Whether your children have gone back to school or if back to school coincides more closely with Labor Day, a suddenly empty house could lead to separation anxiety and loneliness for your dog. We have tips for how to prepare your pup for back-to-school – and you’ll feel better, too!

In many homes that have children, summer is a time for vacations, family togetherness and more importantly, a home in which your dog is not alone. Your dog gets accustomed to having “his people” home and they get into the routine of a full house rather quickly. When it’s time for back to school and back to work and back to an empty house, you want to ensure your dog is as happy as she can be until you come back home!

How To Prepare Your Pup For Back-To-School

You may be thinking, “my dog did just fine last year when everyone went back to school” and that may be true. Or you may not have remembered how anxious and/or destructive he got for those first few days or weeks of being faced with a suddenly silent, empty house. Separation anxiety is triggered when your dog is thrust into a new routine without warning and when she goes from waking up with family to a frantic rush out the door and then she’s home alone.

What does separation anxiety look like? Your dog might:

  1. Chew your shoes, couch or even the walls and floor
  2. Constant barking
  3. Pacing
  4. Going to the bathroom in the house
  5. Licking or chewing his fur until he has raw, sore spots

What’s a pet parent to do when leaving your dog home is something you can’t avoid? Here are our best tips:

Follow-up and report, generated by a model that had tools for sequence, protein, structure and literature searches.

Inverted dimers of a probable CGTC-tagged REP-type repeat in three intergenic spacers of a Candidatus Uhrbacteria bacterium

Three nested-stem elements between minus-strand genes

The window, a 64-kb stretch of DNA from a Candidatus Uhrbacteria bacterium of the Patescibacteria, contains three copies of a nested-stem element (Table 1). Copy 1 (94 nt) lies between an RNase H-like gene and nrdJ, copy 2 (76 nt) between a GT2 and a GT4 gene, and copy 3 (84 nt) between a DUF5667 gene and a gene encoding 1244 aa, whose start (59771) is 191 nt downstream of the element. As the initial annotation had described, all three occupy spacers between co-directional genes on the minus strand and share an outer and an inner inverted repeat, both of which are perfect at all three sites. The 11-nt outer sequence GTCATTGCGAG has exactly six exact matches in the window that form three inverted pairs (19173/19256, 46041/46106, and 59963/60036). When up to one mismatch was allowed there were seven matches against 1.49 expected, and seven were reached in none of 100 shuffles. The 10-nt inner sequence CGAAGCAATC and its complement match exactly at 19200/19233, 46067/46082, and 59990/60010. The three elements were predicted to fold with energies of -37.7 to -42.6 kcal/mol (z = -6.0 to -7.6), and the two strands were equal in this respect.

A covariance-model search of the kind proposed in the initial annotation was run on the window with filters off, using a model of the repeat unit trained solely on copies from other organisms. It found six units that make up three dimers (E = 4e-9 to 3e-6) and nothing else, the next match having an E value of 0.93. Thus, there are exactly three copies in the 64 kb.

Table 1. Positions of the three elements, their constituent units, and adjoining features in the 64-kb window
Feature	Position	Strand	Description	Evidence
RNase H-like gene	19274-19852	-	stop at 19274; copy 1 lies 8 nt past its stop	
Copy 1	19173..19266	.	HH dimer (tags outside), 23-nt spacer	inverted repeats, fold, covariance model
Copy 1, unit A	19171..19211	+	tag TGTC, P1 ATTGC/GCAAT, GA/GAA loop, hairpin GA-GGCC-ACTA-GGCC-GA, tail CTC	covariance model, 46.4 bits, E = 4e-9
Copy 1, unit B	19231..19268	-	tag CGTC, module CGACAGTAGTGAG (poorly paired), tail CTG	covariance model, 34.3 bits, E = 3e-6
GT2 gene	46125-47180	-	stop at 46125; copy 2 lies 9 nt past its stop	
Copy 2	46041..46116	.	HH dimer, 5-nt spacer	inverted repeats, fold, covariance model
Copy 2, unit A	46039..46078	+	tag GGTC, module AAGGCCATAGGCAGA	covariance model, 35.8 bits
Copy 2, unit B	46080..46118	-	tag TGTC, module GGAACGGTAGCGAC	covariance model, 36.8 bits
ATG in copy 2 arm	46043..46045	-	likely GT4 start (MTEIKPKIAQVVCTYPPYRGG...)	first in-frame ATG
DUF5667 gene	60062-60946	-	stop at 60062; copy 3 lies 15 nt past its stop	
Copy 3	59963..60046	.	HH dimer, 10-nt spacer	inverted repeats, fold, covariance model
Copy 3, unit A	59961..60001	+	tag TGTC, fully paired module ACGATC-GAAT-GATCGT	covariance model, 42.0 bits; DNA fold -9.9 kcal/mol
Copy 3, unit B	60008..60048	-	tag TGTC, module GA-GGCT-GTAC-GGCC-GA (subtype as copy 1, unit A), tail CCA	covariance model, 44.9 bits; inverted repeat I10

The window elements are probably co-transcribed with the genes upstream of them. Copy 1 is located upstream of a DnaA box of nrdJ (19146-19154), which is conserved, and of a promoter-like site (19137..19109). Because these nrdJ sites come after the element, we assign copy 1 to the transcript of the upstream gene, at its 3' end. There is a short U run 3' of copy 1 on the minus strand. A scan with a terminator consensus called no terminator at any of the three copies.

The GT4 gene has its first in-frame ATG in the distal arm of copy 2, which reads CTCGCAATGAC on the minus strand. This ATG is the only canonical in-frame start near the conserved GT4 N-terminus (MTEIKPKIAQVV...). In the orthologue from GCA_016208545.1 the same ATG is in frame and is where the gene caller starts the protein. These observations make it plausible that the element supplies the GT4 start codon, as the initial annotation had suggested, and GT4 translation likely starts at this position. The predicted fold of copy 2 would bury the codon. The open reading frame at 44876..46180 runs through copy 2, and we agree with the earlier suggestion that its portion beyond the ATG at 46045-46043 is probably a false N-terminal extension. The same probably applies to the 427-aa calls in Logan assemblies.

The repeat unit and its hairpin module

1. Ease your dog back into the upcoming routine. Set aside a week – or more – to do mock “we’re leaving the house” drills. Mimic your morning routine and leave your dog home alone. If possible, set up a pet camera or even your phone to see how your dog reacts when you leave. Extend the time you are home until your dog feels more comfortable.
  2. Don’t make a big deal out of leaving. If you’re hugging and kissing and talking in baby-talk to your dog and if you’re generally feeling frantic your dog will pick up your anxiety. Give your dog a fond pat on the head and a calm good-bye. When you make it seem like a big deal, your dog will think it’s a big deal.
  3. When you come home, don’t give into your dog’s wild greeting, or engage when he’s jumping or barking or being overly enthusiastic. Wait until your dog has calmed down, then ask him to sit then give him all the love you want to. If you engage when your dog is being wild, you are silently showing him that if he is wild and you pet him, that being out of control is all right.
  4. Set up food puzzles and hide-and-seek type games for your dog while you’re away. Use our treats in your dog’s favorite food puzzle or set up a scavenger hunt with our treats to keep him entertained and his mind active while you’re away.
  5. Consider getting a pet sitter or dog walker to come and pay a couple of visits. Your dog may be happier with a short visit and a quick walk and that could help ease separation anxiety.
  6. Take your dog for a long walk or run or a rousing playtime before you leave. A tired dog is a happy dog.
  7. Leave your dog with an article of your clothing that has your scent on it. That might be just what he needs to not feel as anxious.
  8. Make time to give your dog extra attention and love and snuggles to “make up for” the time he was home alone.

Know that the weekend will soon roll around and your dog will have the benefit of your attention for those full days!

K9 Power has become a leader in the dog supplement market. It is a place we are honored to be. We are here to help your dog live a healthier, fuller life--absolute bottom line. We know how much a dog adds to your family, and we are simply trying to give back to each and every dog we can.

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